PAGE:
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Comment Re:This is a democrat anti-big-business law from 1 (Score 1) 470

That's part of the reason that overturning it doesn't get as much voter support as one would expect. But they are also sticking with it because the people who profit from it (car dealerships) are lobbying to keep their unfair advantage.

This is sort of like the shenanigans happening with alcohol laws in my home state. Alcohol can't be sold at stores on Sundays, but it can be sold at restaurants and bars. The main push against changing the law isn't from religious people. It's from the liquor store association who doesn't want to have to be open an extra day to compete with groceries and the restaurant association who wants to keep their monopoly on Sunday alcohol sales.

Comment Re:don't fly during ramadan....? (Score 1) 1233

Unfortunately, it IS normal. (Not this guys particularly bad experience, but walking through scanners, getting felt on, etc.) I don't like that it's a part of air travel, and I don't think that it's acceptable. But it is what it is. I avoid flying if at all possible, and I've written my reps to let them know my opinion. But when I have to (or choose to) fly, my only real options are to jump through the TSA hoops or run the risk of having a really unpleasant time at the airport.

Comment don't fly during ramadan....? (Score 1) 1233

If this man's story is accurate, it's a shameful scenario indeed. But I've read a lot of these well-documented horrible TSA encounter accounts, and most don't involve Ramadan. However, most DO have one thing in common: the person opted-out of the scan and/or argued about the pat-down.

I'm in no way saying that a person deserves this kind of treatment for opting-out of a scan, and I think that the current security procedures border on reprehensible. But people need to understand that they are part of air travel nowadays. Consider them to be a travel risk. If you want to fight them in safety, quit flying and write your rep. And if you decide to fight them in person, prepare to be a martyr. And if you want to get from point A to point B with as small of risk of problems as possible, prepare to consent to being scanned, groped, or whatever else they want to do.

Comment Re:Ever notice (Score 2) 772

Not everything has to be "important" or has to teach people something. And that goes double for teaching them something specific. If we're going to have a female Doctor specifically for the purpose of "teaching," why not have a black or an Indian or a middle eastern Doctor? Or we could teach people about other social issues of the day... drugs, poverty, etc. Or maybe the Doctor could come out of the closet?

People watch Doctor Who primarily for entertainment. When you start forcing changes, it feels forced and takes away from that entertainment value. The story is never going to work out right when you say "we need to do ___ for political/social/whatever reasons, now let's write the story around it."

Comment horrible idea (Score 1) 976

Identifying gun owners not only screws those gun owners, it screws the non-gun owners as well (if the list is comprehensive.)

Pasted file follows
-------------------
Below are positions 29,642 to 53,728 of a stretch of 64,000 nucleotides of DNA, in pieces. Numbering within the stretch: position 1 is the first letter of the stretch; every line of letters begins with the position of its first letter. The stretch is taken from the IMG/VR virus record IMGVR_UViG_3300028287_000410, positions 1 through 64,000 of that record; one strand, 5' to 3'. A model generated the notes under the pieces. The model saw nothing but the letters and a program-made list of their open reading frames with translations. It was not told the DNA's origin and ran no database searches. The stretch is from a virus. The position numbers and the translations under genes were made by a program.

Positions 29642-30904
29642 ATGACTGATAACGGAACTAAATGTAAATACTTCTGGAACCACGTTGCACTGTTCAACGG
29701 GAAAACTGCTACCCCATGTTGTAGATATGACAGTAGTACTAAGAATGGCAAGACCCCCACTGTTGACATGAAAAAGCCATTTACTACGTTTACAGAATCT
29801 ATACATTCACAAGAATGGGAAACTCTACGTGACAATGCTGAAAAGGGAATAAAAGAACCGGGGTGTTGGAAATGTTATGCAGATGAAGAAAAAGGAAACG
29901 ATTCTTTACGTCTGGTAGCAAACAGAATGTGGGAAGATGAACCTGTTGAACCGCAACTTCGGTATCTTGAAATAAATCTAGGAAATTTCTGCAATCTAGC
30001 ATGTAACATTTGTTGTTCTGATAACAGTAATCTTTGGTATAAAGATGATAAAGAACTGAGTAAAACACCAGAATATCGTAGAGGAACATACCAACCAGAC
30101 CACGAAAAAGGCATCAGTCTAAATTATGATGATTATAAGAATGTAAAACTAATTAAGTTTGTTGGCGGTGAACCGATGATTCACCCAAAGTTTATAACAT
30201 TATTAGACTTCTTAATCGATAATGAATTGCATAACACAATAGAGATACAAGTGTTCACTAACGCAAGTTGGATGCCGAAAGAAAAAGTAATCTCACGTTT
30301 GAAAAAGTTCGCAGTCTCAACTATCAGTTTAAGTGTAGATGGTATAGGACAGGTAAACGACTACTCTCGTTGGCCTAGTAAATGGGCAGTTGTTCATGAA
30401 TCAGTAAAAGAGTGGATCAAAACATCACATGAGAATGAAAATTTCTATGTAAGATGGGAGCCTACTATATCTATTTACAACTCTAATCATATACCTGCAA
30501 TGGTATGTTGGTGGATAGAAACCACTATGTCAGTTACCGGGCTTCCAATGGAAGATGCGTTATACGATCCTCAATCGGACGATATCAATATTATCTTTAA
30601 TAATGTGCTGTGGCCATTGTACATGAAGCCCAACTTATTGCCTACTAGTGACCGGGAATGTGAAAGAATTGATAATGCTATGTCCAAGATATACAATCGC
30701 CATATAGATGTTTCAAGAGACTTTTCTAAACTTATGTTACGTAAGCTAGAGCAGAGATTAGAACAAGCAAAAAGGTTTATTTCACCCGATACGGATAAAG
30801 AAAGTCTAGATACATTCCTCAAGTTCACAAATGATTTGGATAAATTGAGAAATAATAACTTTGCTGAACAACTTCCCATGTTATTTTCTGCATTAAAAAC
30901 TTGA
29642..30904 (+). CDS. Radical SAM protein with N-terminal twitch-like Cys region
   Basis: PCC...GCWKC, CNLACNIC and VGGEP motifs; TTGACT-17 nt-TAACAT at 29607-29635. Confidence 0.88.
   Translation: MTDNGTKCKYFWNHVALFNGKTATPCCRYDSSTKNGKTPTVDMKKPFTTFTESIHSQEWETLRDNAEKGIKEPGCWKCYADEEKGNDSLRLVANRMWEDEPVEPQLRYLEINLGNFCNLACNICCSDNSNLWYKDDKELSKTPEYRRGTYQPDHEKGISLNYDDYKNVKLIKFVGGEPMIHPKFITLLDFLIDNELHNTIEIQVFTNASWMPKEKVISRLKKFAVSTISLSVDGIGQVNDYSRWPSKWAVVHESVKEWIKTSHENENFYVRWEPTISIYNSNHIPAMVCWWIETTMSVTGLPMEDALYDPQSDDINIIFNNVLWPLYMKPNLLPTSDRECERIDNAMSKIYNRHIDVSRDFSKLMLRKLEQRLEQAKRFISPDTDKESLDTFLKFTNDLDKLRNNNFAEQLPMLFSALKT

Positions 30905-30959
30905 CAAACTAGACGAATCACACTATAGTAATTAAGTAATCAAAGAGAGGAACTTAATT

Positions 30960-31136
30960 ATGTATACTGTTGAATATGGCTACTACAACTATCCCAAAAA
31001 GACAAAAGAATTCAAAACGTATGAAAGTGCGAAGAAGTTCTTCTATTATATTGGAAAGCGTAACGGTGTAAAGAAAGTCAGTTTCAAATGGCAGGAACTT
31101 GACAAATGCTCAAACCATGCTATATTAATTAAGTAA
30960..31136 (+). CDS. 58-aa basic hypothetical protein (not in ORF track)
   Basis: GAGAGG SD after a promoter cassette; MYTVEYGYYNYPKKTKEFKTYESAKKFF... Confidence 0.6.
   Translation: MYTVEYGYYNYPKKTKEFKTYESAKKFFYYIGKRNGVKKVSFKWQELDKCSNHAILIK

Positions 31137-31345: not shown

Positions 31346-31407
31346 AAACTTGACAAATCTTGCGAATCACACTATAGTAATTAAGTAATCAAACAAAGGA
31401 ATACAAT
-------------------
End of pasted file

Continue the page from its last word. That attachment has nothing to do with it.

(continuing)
By identifying gun owners, you give criminals who want illegal guns a definite target. Maybe they know that the risk would be great by breaking into the house when someone is home, but it gives them the information they need to have a better chance at a payoff if they wait around and watch the house until everyone is gone before breaking in. This by itself puts everyone at risk by making it easier for criminals to know where to steal guns.

The other problem is that if a comprehensive list is available, they would also know who doesn't have a gun. This could make non-armed households greater targets for criminals who don't want to waste their time staking out a house first and would rather just break in steal when they can carry, and assault whoever gets in their way.

Comment Re:I go to a fair amount of movies (Score 0) 924

People need to understand that phone use, even silent phone use, distracts some people, and it should be kept to a minimum. But on the other hand, people also need to understand that when they're in a room with 200 other people, there are going to be distractions. And there are some scenarios where, in my opinion, it's perfectly acceptable to turn on your screen for 10 seconds to see who is calling and then either turn it off or excuse yourself to the lobby. There has to be compromise and understanding on both sides.

Comment is it really that big of problem? (Score 2) 924

I go to the theater about 5 times a year. I admit that I'm not an avid movie goer. But out of my limited experiences at the theater, I don't think I have ever been so annoyed by someone else's phone that I gave it a second thought after the movie. I see a lot of people talking and texting through the previews, but once the movie starts, people seem to stop. I have seen one person answer their phone and run out of the theater. And I see people checking their phones or texting here and there but not constantly and not with sound. Sometimes I wonder if I just live in a more polite region or if people are just anal.

Comment Re:Tech solution for a social problem (Score 1) 405

The solution is to fix the culture to make it socially unacceptable.

This, right here, hits the nail on the head. I'm not sure about the mandatory jail time, but making it socially unacceptable is the key. Right now, playing with your phone while driving is kind of like speeding. Lots of people do it, and most people don't really care that you do it. Or even if they care, they don't really say anything to you. If we could get to the point where admitting to texting and driving was similar to admitting to reading a book while driving... where your friends would act like you're insane... then most people wouldn't do it anymore.

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